“To succeed in the long term with a small business like this, it takes the ability to reinvent yourself multiple times,” Robin Michler said. “It’s not just one reinvention.”
Wild Things: More Than You'd Expect From a Local FloristTuesday, July 03, 2018
As a teenager, Chicago native Carolyn Harbert had to choose a summer job. After learning her mother used to work for a florist, she decided to follow suit and give it a try. It was during that job, while assisting her local florist, that she discovered her passion for floral design and her gift for creativity.She took that artistic bent to college at Auburn University, where she earned her degree in graphic design, which in turn earned her a position at an advertising agency in Atlanta. While building her creative portfolio in Atlanta, she met her husband, a Birmingham native. The couple soon moved to Birmingham, where Carolyn dabbled in the freelance world of branding and logo design — but she had a nagging feeling that it wasn’t quite the job for her. She oftentimes found herself visiting local supermarkets to buy flowers to decorate her new home, but wished there was a local stop — both trendy and fun — that sold fresh arrangements, along with other pretty trinkets to pepper throughout a home and brighten someone’s day.Then one day she realized she should create this dr... https://styleblueprint.com/birmingham/everyday/wild-things-more-than-youd-expect-from-a-local-florist/
High court annuls ruling against floristTuesday, July 03, 2018
June 25) in the ongoing effort by business owners to practice their faith convictions.The justices issued an order that annulled a lower-court ruling against Washington state florist Barronelle Stutzman, a Southern Baptist who declined to design flowers for a same-sex wedding. The order also instructed the Washington Supreme Court to reconsider its previous decision in light of the justices’ June 4 opinion in favor of a Colorado cake artist who refused to design and decorate a cake in celebration of the wedding of two men.In that 7-2 decision, the high court ruled the Colorado Civil Rights Commission violated the religious free exercise clause of the First Amendment and demonstrated in its action “religious hostility” toward Jack Phillips, owner of Masterpiece Cakeshop.The Southern Baptist Convention’s Ethics & Religious Liberty Commission applauded the Supreme Court’s order.“We’re encouraged that the Supreme Court decided to give Barronelle a new day in court,” said Travis Wussow, vice president of public policy and general counsel for the ERLC.“Throughout the process in Washington state court, Barronelle’s sincerely held religious beliefs were treated with neither respect nor dignity,R... https://www.baptistmessenger.com/high-court-annuls-ruling-against-florist/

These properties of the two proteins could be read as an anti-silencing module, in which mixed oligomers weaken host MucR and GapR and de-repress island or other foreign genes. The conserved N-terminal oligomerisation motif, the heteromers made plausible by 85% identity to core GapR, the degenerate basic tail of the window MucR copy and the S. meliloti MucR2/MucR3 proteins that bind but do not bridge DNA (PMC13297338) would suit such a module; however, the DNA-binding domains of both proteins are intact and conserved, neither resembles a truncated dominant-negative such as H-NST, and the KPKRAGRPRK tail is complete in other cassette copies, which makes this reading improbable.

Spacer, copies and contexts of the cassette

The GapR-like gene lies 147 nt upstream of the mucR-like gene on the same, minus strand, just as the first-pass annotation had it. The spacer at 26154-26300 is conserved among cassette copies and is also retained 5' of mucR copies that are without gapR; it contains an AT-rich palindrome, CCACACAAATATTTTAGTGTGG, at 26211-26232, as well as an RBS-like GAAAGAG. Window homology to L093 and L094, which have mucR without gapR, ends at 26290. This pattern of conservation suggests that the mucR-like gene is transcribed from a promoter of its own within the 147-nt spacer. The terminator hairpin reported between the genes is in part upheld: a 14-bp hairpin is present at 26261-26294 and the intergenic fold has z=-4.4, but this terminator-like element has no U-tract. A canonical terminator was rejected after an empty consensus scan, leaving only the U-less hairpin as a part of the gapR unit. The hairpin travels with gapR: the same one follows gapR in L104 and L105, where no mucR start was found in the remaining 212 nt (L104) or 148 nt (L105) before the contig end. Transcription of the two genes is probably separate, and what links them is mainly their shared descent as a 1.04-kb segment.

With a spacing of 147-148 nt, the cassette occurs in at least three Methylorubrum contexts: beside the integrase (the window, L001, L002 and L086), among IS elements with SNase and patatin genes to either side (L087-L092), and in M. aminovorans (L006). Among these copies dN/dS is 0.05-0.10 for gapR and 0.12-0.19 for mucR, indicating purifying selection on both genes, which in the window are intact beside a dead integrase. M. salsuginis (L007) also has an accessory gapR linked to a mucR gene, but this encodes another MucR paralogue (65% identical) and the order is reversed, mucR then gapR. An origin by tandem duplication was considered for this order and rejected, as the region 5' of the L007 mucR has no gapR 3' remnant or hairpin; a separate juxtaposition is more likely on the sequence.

Greenleaf Wholesale Florist seeks $82294 paymentTuesday, July 03, 2018
NEW ORLEANS – Greenleaf Wholesale Florist Inc. claims it is owed more than $80,000. Greenleaf Wholesale filed a lawsuit June 22 against Meade Wenzel, doing business as Meade Wensel Florists, in Orleans Parish Civil District Court. According to the complaint, Meade Wenzel owes $82,293.90 plus interest and has failed to pay off the balance due. The plaintiff seeks all reasonable damages, court costs, attorney's fees and all appropriate relief. It is represented by Joseph Fick of Newman, Mathis, Brady & Spedale in Metairie. The case has been assigned to Division C Judge Sidney Cates. Orleans Parish Civil District Court case number 18-6184... https://louisianarecord.com/stories/511470871-greenleaf-wholesale-florist-seeks-82-294-payment
What The Supreme Court's Wedding Cake Ruling Means For NorthwestTuesday, July 03, 2018
While the court's 7-2 decision skirted the main legal arguments the case presented, the court's ruling sets the stage for two similar cases in the Northwest: one involving a Washington florist and another with a bakery owner in Oregon. This week, the U.S. Supreme Court could decide whether to hear the case involving the Washington flower shop, Arlene’s Flowers. That case has the potential to answer some of the larger questions the court avoided in the Colorado decision. The big issue is whether people can claim religious liberty and free speech as a reason for not serving same sex couples. "The Supreme Court basically punted and said this case may very well be decided under different factual circumstances where you don't have a question about whether the commission was acting impartially," said Mat dos Santos, the legal director for the ACLU of Oregon. While the Masterpiece Cakes ruling sidestepped the fundamental clash between religious freedom and civil rights, Northwest lawmakers used the ruling as an opportunity to decry discrimination. Arlene's Flowers Back in 2013, Robert Ingersoll and Curt Freed got married without the help of Arlene’s Flowers. They had asked their longtime local florist, Barronelle Stutzman, to do their wedding arrangements. Stutzman refused, citing her “relationship with Jes... http://kuow.org/post/what-supreme-courts-wedding-cake-ruling-means-northwest